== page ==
Photo by Katie Shelton

I recently completed another revolution around the sun, an occasion for which I’m wholly not responsible yet congratulated nonetheless. 

Though I’m told I’m one year wiser, I don’t quite feel it, especially since I possess the palate of a college sorority girl. Never having deigned to taste cheap shit like Keystone Light, I tend to prefer inordinately saccharin drinks over the more sophisticated liquors. 

In honor of Cocktail Week, I attempted to broaden my horizons and cover four popular concoctions throughout history: a Victorian-era gin medley, a Prohibition-era cocktail, a tiki drink, and a margarita. In several ways, I failed — but I’ll get to that in a bit.

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My adventure through time began at Thompson’s (900 Houston St, 817-882-8003), a perfect place to step into the past, with its dim lighting, eclectic vintage furniture, and classic literature-themed menu. I’d read up on Britain’s Victorian era, when mixed drinks first appeared on the scene, and was ready to voyage. 

My friend and I must have arrived at high tide, because every barstool was occupied, each alcove littered with loungers. After briefly stalking a pair seemingly about to vacate their seats, the two of us instead squeezed into armchairs intimately situated opposite a middle-aged couple. 

The Saint. Photo by Christina Berger.

I had every intention of ordering a Gin Sling, a popular Victorian-era refreshment made with lemon juice and sugar — that is, until the woman across from us leaned in like she had a secret and recommended The Saint, consisting of gin and grapefruit juice. Thus, as my companion sipped a dry red, I savored the delightfully tangy and very much divine diversion, which balanced citrus and sweet at just the right levels.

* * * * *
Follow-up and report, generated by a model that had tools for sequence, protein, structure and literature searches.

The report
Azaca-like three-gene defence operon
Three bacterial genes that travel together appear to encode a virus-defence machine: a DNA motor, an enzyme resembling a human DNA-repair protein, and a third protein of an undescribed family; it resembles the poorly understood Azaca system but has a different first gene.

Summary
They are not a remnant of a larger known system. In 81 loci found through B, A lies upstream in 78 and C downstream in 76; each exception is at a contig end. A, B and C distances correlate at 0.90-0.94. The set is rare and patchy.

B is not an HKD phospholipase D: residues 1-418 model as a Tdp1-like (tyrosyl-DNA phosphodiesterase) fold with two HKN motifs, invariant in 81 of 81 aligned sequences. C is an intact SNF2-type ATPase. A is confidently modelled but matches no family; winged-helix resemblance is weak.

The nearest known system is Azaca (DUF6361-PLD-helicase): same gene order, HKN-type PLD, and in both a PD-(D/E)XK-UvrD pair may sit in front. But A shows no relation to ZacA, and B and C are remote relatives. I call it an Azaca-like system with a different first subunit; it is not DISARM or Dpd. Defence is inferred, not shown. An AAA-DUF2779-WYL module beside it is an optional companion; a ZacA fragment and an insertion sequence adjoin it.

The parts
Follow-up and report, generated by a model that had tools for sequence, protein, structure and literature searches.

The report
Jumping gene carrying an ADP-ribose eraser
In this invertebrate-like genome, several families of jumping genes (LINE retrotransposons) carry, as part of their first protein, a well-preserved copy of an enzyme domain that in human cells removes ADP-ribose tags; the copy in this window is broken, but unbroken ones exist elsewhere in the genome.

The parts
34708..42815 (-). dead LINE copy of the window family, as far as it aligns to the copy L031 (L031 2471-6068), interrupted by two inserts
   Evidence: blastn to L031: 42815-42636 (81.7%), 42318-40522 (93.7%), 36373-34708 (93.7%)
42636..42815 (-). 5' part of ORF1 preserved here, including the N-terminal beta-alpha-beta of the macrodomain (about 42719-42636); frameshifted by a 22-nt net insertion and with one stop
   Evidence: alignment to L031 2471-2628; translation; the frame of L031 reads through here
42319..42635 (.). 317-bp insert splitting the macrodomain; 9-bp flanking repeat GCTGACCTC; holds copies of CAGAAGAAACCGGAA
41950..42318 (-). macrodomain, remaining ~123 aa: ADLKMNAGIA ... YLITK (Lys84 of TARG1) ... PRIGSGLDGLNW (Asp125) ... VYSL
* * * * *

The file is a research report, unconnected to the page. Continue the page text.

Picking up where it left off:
Admittedly, the evening’s spirited excursion was not the only event on my mind. My best friend of 20 years was about to be proposed to, so my fellow time-traveler and I drained our glasses and relocated to Proper (409 W Magnolia Av, 817-984-1133), near where the soon-to-be-fiancées were dining. 

At Proper, we climbed through another portal into Prohibition. In retrospect, Thompson’s underground speakeasy, Rx, might have been a more fitting locale. Even so, Proper serves up a refined taproom experience, with a level of finesse and meticulous craftsmanship one surely would have encountered during Prohibition. Speed isn’t even a factor there – it’s all about quality and presentation. 

As we waited in giddy anticipation for updates on the engagement, I ordered a Fitzgerald, another refreshingly light gin mixture with a hint of cinnamon. My confidant, who had been nursing an Old Fashioned, declared that the Fitzgerald “tastes like potpourri but with alcohol,” and I honestly couldn’t argue. 

The Painkiller.
Photo by Katie Shelton.

Our next quantum leap led us to the Polynesian-inspired potions from the ’30s and ’40s. Unfortunately, Proper had just concluded its stint as a pop-up tiki bar, but the barman whipped up a Painkiller for me. Served in a snifter and garnished with a purple loose orchid, the fruity, exotic beverage fashioned with rum, coconut milk, and orange and pineapple juices sufficiently dulled my senses. 

If you’re extra and “can’t even” without the tiki mug, Bodega West 7th’s sparkler-producing Tiki Torch is quite literally lit.   

Once the newly engaged couple joined us, we celebrated, imbibed, and tittered as Tracy Chapman soulfully crooned “Give Me One Reason” — and again, I lost sight of my purpose. 

Taking a day to recover, I completed my mission at T&P Tavern (221 W Lancaster Av, 817-885-8878) on a toasty Sunday, when its margaritas are just $4. While salt-rimmed and enjoyable, the ’rita certainly wasn’t the best one I’ve had — and I confess I chose the location out of pure convenience, considering I already had plans to be there. 

I embarked upon this particular assignment with the taste buds — and, regrettably, the poor study habits — of a college student, indulging with reckless abandon and preparing little for my final paper. While my appetite for alcohol has become slightly more cosmopolitan, it’s true what they say: History repeats itself.